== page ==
PITTSBURG — Lakeside Elementary School students learned what it was like to run a business through an event called Just Imagine Kansas.
For the past few years, Lakeside fourth graders have hosted Just Imagine Kansas on Kansas’ birthday. This year Kansas is 157 years old.
The students worked for almost a month, selecting a Kansas business, researching it and preparing their booths. They made mission statements and studied what the job entails.
During the event, a student stood near a door and passed out envelopes filled with “play” money. The money was given to each participant and they each went around the “businesses” booth and purchased items and real food from the stores.
The students — at their booths — dealt with all the transactions, from change, to receipt writing and paychecks.
Lakeside Elementary School Principal Rhonda White said the students researched a variety of subjects along with giving them real world opportunity to experience running a business and explore different type of careers in the community.
The program is part of teaching students about the free enterprise system, Fourth Grade Teacher Babs Tims said.
“Every business here represents a Kansas business, either founded in Kansas or has a Kansas connection,” she said.
The students had options on where to spend the money — to save it, spend it or give it away.
Tims said any money the students decide to donate, it will be turned into real money by parents and teachers and will be donated to K-Kids to go into charities.
Elementary students were not the only ones which benefited from the event.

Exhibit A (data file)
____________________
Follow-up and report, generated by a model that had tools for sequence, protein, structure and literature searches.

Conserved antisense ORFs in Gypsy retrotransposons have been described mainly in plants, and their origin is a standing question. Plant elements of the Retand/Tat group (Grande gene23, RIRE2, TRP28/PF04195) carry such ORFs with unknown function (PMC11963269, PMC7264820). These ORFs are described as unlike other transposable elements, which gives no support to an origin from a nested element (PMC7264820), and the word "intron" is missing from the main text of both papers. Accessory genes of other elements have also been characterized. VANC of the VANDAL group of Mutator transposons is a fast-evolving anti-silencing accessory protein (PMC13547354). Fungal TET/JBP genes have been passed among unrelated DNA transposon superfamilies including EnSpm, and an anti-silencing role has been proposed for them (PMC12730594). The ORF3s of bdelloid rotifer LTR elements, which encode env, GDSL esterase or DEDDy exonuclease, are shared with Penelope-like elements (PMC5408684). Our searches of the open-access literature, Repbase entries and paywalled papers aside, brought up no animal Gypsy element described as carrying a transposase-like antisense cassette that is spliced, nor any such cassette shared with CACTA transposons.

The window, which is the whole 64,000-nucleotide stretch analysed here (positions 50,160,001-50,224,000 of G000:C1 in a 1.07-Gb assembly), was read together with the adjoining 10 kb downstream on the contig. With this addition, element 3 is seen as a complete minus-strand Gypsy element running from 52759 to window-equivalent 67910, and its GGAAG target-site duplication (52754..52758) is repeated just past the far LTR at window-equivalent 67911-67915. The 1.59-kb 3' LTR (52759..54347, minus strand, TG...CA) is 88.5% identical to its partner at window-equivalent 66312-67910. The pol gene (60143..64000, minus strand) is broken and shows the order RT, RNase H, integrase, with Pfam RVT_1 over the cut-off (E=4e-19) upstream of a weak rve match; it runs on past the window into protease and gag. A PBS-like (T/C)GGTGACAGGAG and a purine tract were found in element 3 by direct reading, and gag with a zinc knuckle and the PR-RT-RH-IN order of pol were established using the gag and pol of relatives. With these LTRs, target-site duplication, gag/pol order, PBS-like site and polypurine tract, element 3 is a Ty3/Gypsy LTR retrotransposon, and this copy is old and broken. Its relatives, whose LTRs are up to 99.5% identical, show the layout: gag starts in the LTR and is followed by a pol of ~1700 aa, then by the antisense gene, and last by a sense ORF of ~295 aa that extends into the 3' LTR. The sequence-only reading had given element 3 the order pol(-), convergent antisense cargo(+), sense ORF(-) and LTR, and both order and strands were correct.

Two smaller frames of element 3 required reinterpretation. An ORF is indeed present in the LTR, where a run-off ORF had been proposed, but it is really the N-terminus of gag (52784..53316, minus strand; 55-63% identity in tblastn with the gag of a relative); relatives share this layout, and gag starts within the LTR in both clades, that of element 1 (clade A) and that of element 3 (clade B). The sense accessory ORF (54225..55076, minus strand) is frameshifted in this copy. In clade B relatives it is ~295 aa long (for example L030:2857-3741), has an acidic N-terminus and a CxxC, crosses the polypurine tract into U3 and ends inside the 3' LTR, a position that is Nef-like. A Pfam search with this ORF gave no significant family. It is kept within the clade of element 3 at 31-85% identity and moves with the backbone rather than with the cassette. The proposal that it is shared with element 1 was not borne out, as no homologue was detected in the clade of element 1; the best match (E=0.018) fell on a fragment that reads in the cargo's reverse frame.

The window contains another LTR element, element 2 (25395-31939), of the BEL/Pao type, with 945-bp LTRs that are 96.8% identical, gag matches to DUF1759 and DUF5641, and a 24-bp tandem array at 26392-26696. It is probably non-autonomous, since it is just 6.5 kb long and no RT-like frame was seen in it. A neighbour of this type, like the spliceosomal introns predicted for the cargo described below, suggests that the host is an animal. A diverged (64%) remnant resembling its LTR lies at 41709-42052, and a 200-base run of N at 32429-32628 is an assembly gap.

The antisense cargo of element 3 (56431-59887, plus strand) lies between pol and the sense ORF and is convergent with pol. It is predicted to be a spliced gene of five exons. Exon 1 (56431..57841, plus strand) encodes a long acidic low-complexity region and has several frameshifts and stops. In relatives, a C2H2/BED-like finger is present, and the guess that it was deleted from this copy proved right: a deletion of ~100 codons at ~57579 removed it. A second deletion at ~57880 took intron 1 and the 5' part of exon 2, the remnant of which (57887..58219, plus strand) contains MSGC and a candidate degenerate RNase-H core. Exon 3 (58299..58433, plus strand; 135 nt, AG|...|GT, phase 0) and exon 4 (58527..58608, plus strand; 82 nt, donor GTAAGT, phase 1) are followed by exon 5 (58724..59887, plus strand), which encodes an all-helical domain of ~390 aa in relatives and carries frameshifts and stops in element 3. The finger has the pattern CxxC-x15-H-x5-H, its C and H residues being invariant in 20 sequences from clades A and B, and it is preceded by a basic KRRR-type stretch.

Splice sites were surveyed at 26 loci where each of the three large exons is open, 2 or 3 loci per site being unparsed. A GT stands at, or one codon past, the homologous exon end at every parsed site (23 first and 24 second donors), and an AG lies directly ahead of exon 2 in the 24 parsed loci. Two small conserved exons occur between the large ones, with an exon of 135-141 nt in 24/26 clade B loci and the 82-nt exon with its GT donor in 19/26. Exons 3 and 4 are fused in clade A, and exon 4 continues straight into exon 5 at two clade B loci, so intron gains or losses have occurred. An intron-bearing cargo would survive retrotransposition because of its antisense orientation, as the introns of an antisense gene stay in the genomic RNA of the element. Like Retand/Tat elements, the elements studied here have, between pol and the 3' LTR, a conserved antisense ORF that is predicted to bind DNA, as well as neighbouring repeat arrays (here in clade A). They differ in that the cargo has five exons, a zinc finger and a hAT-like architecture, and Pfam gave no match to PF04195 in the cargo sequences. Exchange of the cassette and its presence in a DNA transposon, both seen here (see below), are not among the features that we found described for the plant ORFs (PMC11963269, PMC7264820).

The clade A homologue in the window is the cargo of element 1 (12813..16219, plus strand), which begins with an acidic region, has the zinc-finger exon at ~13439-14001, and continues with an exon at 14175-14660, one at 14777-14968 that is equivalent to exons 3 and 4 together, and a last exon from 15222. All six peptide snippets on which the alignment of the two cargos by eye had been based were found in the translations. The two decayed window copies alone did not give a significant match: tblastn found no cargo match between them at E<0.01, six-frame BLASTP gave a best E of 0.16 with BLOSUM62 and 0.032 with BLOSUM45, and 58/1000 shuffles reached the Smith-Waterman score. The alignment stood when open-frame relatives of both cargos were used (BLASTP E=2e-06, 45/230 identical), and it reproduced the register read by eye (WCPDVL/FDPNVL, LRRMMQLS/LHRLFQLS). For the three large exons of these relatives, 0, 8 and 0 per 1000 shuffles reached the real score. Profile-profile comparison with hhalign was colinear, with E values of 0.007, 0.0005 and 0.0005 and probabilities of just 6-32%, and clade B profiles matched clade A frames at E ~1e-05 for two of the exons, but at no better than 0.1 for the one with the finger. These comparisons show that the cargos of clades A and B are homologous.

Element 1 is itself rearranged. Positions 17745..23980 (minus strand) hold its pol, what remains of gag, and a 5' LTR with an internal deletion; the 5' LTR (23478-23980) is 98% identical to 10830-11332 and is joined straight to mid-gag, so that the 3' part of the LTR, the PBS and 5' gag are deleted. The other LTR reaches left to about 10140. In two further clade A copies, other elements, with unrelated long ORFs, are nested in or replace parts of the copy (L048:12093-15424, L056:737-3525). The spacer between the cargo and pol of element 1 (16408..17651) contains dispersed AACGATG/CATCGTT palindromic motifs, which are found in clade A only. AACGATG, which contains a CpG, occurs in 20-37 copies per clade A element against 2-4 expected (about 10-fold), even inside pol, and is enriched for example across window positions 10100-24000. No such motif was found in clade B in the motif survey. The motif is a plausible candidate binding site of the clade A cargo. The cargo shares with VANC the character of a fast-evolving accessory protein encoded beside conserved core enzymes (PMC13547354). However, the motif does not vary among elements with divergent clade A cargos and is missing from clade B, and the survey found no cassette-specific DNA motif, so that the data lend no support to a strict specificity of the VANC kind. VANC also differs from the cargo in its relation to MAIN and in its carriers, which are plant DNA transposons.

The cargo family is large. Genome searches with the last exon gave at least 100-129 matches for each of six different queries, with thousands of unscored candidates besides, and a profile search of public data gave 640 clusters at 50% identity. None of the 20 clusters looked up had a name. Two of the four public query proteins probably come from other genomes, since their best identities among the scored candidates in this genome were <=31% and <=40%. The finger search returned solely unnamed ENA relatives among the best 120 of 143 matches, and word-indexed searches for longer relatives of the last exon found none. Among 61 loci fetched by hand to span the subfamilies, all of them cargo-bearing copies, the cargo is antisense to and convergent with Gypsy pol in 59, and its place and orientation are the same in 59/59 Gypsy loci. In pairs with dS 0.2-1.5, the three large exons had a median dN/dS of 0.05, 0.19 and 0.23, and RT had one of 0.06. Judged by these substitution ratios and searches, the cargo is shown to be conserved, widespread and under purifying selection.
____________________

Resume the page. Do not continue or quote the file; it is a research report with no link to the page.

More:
Pittsburg State University Student Teacher John Juarez Garcia said the event is more than just an educational lesson, but taught life lessons such as responsibility in the workplace.
Juarez Garcia said he plans to share what he has learned during his time at Lakeside when he is a teacher.
“It’s good for them to learn this at a young age,” Garcia said. “They can become more successful adult when they grow up.
“It is a good experience that I will talk about and I will bring this to other schools.”
A parent, Jared Turnbull, visited his daughter Hayden who worked the same job as her father Arvest Market President during the mock business event.
“I think it is a good opportunity for kids to learn what's going on in the community around them and it helps the grow awareness of local businesses,” Jared Turnbull said.
Down the halls of the school, the rest of the students also participated in Kansas Day, except a little differently than their fourth grade peers.
Third Grade Teacher Bridget Walker’s class milked their own “cows” made out of plastic gloves, churned butter, read “Little House on the Prairie” and some students dressed up, including Walker.
“We have been studying how society has changed through time,” Walker said. “Today we are focusing on pioneer life.”
In the other rooms students read books and played Kansas related games such as “The Oregon Trail” and participated in other activities.
— Stephanie Potter is a staff writer at the Morning Sun. She can be emailed at firstname.lastname@example.org or follow her on Twitter @PittStephP and Instagram @stephanie_morningsun.